Microsoft President Brad Smith, Chief Financial Officer Amy Hood and CEO Satya Nadella preparing to announce Microsoft’s plan to be carbon negative by 2030. (Jan. 15, 2020/Photo by Brian Smale)

Microsoft has big dreams of being completely carbon negative by 2030. But that’s not the full extent of their plans. By 2050, Microsoft plans to remove all the carbon dioxide it’s ever released into the atmosphere.

The tech company will spend $1 billion over the next four years to fund its carbon reduction, capture and removal strategy.

According to Microsoft president Brad Smith, the company further plans to source all its electricity from renewables by 2025.

Related content:
Mining industry leader believes meters can help manage emissions
US energy-related carbon emissions up in 2018 for the first time in 4 years

Microsoft has been carbon neutral since 2012, going so far as to charge internal fees to business units for the greenhouse gases they generate in order to incentivise them to rethink their emissions.

Microsoft now plans on capturing all the carbon it has generated utilising technology to capture 16 million metric tons of carbon. The technology could cost Microsoft up to $600 per ton of carbon dioxide captured… meaning that capturing emissions from 2020 could set the company back almost $10 billion.

“The only way we can go forward is actually to take steps that will remove carbon from the environment,” Smith said at a media event recently. He cautioned that “the technology that we will need to solve this problem does not exist today, at least not in the way that would make it affordable and effective the way the world would require.”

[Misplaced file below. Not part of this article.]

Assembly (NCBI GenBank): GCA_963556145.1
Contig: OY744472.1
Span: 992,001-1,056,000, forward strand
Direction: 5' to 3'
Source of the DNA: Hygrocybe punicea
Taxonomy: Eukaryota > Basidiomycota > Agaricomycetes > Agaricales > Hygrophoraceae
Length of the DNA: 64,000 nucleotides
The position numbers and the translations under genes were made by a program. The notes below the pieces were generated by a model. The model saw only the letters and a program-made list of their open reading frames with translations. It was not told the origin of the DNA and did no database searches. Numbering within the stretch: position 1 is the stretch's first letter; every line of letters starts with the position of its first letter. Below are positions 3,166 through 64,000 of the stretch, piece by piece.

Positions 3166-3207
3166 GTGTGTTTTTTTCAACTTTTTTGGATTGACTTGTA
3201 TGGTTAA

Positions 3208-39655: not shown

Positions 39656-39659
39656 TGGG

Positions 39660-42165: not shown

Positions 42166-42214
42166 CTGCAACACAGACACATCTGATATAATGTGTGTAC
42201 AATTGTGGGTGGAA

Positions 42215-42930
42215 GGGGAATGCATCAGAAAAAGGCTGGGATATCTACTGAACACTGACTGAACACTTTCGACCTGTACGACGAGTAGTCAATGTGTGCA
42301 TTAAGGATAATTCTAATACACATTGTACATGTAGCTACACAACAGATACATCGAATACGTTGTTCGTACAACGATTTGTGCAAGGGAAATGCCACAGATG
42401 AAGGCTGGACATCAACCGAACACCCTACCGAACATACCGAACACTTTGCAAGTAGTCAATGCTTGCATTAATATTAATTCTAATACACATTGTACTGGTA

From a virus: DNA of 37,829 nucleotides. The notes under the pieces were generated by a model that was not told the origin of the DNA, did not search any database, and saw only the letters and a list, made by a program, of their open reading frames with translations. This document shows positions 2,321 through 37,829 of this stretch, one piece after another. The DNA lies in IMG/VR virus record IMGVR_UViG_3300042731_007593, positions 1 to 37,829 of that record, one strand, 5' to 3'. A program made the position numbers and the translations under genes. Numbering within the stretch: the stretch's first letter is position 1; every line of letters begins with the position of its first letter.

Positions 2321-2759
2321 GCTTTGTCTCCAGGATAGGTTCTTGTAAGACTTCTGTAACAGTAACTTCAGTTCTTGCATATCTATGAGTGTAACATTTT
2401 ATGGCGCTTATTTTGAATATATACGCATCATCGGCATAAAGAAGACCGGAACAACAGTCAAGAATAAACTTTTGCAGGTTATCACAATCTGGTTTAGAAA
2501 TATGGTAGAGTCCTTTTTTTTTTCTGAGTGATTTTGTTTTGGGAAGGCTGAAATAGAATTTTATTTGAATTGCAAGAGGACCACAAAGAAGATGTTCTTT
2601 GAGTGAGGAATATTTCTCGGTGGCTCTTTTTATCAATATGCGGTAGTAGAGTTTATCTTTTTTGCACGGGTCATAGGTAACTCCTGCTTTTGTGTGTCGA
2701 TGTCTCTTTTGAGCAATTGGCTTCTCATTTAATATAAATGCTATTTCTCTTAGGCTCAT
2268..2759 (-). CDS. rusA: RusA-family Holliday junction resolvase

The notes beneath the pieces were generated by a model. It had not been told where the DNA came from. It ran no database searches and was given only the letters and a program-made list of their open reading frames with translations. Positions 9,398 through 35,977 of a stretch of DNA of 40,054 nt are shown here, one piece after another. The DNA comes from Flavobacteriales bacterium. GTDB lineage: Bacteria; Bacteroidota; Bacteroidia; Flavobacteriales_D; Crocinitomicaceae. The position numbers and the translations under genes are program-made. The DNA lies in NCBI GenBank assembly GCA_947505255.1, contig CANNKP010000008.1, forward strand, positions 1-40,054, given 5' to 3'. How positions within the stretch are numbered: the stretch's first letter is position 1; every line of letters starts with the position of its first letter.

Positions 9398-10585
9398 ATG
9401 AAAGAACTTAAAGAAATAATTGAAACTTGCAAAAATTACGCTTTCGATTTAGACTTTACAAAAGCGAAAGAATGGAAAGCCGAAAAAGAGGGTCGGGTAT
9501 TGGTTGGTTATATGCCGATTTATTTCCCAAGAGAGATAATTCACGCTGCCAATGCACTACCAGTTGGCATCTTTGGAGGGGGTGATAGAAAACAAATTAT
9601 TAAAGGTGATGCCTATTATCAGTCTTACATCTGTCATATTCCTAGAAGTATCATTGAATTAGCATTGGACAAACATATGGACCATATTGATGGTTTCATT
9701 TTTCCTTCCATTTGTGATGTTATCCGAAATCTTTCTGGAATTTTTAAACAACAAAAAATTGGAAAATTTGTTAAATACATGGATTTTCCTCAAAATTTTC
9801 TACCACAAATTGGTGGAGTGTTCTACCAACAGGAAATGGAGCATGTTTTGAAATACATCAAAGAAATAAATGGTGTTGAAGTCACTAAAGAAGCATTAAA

However, the company leaders are confident that the more that people invest in the technology, the cheaper it will become and is putting $1 billion behind that belief.

Microsoft has committed to slashing emissions by more than half by 2030 and plans to hold its suppliers to a higher standard too. It will hold suppliers responsible for emissions. According to a report by The Verge, “When it comes to Microsoft’s Xbox, for example, the company is factoring in the pollution from the materials it took to make the gaming console, the electricity Microsoft uses for its operations, emissions from shipping, and ultimately the energy someone uses when they plug it in and play.”

It has also been reported that Microsoft’s employees have demanded zero contracts with fossil fuel companies, zero funding for politicians pushing climate denial, and zero emissions by 2030.